There's a storyteller in all of us.
You could be using your cell phone or a DSLR, but getting that perfect shot for your story isn't always as easy as it sounds.
As a video editor, working with various skilled people, I've come across really good footage and really hard to fix footage. To help some of you, I decided to create a quick, straight-to-the-point list of 5 ways to shoot video for beginners.
- Tip 1: Slow & Steady:
The days of Blair Witch are over!
No one wants to see shaky footage and please don't think to yourself "you can fix it in post" because that's not always the case. Learning the correct way to hold a camera will be very beneficial for you now and in the future.
Use a tripod, a monopod, a selfie stick or set your camera on a steady and stable platform to get that perfect shot!. Most modern day cameras have image stabilization, make sure you use it.
- Tip 2: Shoot Various Angles:
Wide Angle, medium angle and close ups are important shots to get, don't zoom in and out.
Gather various angles and if you want to have some fun, you can even use a drone to get sweeping shots from above. There are a ton of ways to get various angles, use your imagination.
- Tip 3: Use a Microphone:
This really depends on what you are shooting. Say you are shooting an interview, make sure you have a lavaliere and an external microphone.
In my experience, it's always better to have too many than not enough. Do not rely on only one source for your audio because something can always go wrong at any given point. Be prepared.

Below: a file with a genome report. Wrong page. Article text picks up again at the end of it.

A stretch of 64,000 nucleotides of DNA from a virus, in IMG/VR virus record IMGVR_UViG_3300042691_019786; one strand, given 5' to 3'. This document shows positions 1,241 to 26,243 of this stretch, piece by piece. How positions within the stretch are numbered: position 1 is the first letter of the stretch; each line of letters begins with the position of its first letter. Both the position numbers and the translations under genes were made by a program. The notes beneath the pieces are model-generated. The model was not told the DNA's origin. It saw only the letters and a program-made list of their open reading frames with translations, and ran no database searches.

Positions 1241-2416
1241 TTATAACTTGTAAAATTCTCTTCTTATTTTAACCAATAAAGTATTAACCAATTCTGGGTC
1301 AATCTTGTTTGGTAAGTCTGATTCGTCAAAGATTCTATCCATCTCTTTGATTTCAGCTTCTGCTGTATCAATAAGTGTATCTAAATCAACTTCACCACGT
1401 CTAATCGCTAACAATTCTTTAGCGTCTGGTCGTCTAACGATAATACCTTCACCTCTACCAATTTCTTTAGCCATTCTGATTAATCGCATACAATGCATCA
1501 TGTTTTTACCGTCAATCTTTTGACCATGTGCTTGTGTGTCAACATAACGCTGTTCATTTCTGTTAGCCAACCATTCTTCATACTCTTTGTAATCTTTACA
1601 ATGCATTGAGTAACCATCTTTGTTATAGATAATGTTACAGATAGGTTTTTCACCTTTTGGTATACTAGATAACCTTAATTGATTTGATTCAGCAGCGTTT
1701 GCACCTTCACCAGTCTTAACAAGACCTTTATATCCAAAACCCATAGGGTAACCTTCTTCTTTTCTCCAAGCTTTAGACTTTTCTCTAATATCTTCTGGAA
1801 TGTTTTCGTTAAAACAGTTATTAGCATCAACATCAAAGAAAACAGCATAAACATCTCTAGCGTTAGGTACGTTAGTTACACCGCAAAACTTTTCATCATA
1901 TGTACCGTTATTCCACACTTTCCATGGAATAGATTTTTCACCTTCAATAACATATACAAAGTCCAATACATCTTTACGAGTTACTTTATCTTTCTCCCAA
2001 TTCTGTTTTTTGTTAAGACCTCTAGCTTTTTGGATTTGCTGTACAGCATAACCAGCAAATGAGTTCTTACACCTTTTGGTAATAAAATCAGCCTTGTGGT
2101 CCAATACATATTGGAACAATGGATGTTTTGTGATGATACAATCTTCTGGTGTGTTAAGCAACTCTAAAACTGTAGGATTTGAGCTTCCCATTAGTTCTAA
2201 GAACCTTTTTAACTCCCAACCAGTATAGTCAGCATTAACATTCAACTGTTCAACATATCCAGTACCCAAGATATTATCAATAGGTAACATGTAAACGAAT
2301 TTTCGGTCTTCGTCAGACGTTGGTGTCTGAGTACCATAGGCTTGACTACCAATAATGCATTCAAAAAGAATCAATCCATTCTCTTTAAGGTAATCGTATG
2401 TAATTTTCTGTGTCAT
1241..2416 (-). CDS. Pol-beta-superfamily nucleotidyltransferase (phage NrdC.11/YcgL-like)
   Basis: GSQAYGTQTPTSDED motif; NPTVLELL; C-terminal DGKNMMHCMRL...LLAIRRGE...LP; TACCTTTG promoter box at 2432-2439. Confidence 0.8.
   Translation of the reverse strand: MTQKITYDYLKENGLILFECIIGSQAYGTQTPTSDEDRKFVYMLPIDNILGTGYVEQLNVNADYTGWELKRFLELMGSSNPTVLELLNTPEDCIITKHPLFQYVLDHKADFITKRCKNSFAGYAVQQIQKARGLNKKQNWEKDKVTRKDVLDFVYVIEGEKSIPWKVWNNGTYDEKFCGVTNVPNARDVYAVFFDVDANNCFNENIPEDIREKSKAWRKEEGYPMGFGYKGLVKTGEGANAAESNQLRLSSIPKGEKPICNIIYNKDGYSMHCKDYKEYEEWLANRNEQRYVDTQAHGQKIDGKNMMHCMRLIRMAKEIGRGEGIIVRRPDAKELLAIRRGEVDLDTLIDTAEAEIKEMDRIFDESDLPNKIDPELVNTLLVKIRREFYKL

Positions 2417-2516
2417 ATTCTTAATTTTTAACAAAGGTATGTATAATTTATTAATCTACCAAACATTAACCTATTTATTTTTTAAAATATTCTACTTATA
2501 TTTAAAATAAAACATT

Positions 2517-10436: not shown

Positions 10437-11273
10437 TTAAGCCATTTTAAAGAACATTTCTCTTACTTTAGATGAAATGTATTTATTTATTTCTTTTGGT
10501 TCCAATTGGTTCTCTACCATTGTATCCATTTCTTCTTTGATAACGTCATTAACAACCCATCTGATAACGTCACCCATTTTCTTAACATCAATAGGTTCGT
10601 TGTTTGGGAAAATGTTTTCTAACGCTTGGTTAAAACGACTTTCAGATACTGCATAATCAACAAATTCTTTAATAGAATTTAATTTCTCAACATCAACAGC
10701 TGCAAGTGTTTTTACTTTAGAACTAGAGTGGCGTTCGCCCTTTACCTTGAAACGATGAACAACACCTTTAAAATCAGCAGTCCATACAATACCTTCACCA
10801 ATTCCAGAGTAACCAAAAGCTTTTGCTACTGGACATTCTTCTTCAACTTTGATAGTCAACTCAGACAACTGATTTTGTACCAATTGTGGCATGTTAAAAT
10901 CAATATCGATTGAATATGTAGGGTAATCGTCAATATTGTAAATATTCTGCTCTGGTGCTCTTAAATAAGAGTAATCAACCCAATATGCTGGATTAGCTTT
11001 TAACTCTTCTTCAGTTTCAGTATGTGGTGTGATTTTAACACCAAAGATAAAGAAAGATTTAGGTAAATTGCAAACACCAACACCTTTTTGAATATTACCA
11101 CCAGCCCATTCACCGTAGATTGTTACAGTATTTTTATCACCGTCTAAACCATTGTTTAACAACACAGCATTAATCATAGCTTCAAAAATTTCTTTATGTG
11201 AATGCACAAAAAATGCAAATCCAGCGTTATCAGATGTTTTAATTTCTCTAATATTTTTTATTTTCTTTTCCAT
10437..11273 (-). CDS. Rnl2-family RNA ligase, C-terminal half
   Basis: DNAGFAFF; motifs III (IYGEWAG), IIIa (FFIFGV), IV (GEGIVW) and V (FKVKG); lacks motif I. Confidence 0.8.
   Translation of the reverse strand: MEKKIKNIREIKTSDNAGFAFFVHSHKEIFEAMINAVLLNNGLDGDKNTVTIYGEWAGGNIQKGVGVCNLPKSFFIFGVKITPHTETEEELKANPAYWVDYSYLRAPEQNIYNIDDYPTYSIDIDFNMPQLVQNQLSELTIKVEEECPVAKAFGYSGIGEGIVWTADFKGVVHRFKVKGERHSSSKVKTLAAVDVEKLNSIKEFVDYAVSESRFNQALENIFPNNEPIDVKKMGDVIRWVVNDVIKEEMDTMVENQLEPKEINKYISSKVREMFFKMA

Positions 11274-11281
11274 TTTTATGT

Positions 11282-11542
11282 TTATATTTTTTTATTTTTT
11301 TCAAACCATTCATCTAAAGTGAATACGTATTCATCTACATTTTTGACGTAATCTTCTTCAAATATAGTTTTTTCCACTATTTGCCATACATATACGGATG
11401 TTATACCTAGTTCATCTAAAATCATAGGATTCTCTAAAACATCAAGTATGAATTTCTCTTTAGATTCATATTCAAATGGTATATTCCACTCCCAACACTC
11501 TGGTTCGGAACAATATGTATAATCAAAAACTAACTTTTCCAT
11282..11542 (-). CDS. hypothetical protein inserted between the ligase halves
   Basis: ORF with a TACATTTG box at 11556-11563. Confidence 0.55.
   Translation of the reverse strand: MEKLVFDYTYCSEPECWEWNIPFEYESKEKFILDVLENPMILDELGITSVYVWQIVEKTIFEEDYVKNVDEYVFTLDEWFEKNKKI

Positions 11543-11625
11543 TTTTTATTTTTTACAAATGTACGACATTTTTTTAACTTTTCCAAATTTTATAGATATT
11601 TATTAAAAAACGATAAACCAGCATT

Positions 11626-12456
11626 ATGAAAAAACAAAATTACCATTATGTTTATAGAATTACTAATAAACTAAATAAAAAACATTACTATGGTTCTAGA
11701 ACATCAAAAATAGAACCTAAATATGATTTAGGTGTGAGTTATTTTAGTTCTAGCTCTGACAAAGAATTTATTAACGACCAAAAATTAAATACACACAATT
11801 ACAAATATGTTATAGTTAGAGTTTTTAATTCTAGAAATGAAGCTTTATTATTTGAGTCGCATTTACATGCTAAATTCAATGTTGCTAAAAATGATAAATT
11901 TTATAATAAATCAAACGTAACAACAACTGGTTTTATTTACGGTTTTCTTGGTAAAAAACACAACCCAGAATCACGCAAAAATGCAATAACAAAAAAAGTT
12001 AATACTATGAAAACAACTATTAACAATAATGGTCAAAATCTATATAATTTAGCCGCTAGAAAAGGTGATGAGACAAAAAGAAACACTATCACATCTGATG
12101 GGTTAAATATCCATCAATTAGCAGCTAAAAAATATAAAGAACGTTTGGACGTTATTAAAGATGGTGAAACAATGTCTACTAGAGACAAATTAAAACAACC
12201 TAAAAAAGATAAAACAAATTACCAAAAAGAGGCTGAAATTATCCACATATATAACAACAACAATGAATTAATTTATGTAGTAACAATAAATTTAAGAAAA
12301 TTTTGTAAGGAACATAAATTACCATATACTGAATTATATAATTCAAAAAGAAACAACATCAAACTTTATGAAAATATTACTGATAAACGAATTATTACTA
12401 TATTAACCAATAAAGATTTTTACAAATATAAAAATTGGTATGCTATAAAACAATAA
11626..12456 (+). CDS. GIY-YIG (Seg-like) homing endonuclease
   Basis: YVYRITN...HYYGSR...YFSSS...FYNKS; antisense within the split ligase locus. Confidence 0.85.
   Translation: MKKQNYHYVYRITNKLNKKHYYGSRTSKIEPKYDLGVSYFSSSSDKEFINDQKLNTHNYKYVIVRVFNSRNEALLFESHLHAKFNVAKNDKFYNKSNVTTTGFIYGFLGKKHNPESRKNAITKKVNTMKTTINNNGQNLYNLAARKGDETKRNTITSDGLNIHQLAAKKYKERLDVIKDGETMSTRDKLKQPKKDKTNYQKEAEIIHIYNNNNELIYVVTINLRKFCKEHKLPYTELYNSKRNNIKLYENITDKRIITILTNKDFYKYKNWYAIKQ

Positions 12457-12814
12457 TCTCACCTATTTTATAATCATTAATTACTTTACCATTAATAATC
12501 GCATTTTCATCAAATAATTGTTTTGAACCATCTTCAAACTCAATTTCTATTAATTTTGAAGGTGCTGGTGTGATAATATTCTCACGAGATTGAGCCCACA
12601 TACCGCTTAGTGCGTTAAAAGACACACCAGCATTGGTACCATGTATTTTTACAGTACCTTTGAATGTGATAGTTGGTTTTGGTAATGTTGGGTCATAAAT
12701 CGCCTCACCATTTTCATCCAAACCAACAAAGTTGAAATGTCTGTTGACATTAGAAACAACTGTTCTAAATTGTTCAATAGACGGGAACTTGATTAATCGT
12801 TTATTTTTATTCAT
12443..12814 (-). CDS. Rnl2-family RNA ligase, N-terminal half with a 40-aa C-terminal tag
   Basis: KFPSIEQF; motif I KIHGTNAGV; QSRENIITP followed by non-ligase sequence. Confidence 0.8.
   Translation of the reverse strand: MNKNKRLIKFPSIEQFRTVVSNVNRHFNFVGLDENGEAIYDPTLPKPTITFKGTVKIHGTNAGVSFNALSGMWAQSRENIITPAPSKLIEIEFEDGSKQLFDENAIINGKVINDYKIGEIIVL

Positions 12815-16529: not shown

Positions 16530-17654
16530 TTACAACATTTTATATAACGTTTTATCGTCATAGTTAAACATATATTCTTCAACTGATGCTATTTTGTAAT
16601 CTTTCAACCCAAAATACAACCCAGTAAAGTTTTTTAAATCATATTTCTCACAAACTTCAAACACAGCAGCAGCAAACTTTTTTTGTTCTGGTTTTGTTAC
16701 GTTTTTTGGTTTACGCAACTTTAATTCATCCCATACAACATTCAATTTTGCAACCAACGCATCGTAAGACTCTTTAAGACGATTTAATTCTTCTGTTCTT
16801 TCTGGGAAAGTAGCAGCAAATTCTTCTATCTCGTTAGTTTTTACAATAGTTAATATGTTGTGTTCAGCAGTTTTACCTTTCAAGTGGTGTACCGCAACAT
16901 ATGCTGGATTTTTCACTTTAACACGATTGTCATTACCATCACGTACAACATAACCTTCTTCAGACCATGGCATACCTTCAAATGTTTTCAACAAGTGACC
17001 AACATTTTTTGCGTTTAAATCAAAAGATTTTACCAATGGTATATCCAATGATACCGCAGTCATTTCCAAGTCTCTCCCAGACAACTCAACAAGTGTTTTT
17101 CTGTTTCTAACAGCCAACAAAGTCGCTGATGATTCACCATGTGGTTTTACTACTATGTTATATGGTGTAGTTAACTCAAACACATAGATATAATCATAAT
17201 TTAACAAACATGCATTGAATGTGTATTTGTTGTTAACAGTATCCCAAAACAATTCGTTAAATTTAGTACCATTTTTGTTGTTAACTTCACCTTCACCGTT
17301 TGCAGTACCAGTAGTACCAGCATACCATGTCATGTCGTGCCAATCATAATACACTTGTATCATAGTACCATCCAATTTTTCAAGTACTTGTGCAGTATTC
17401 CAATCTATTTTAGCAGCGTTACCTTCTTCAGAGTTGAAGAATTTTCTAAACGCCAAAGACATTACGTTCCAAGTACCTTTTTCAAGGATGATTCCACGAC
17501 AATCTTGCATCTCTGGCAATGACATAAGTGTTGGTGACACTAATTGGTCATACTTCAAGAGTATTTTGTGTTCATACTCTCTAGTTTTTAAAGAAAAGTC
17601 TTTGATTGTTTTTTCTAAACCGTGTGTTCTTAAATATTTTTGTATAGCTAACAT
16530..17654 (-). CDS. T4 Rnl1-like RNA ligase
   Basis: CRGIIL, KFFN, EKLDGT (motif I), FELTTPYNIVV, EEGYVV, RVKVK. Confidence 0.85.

- Tip 4: Don't Forget B-Roll:
What is B-Roll? It's extra shots to fill and create your story in post production. B-Roll can be a shot of landscape (to establish plot), cars passing by, people walking in the street, birds flying.
Look at what you are shooting, and make a list of other shots that would complement your story (think of the end result) and shoot them. Don't forget to send these to your editor when you are ready for post production.
- Tip 5: Lighting:
This may slip your mind from time to time, but if you are shooting an interview or a film - you want to invest in some studio lights, I bought a pair off Amazon to shoot YouTube videos and they are worth it. Traditional lighting setups consist of a 3-point lighting system.
The best way to learn is by doing. Grab some lights, grab some friends and start shooting.
Pro Tip: Hiring an editor is a great way to convey your story across to your audience. If you love videography, you may not enjoy editing as much. Video editing is what I love the most.
Creating a story out of a bunch of various shots. Mixing it with music, throwing in some text and extra elements to grab the audience's attention and create something beautiful, meaningful and worth watching.
Why do you create? is it to inspire others? I'd love to hear about your story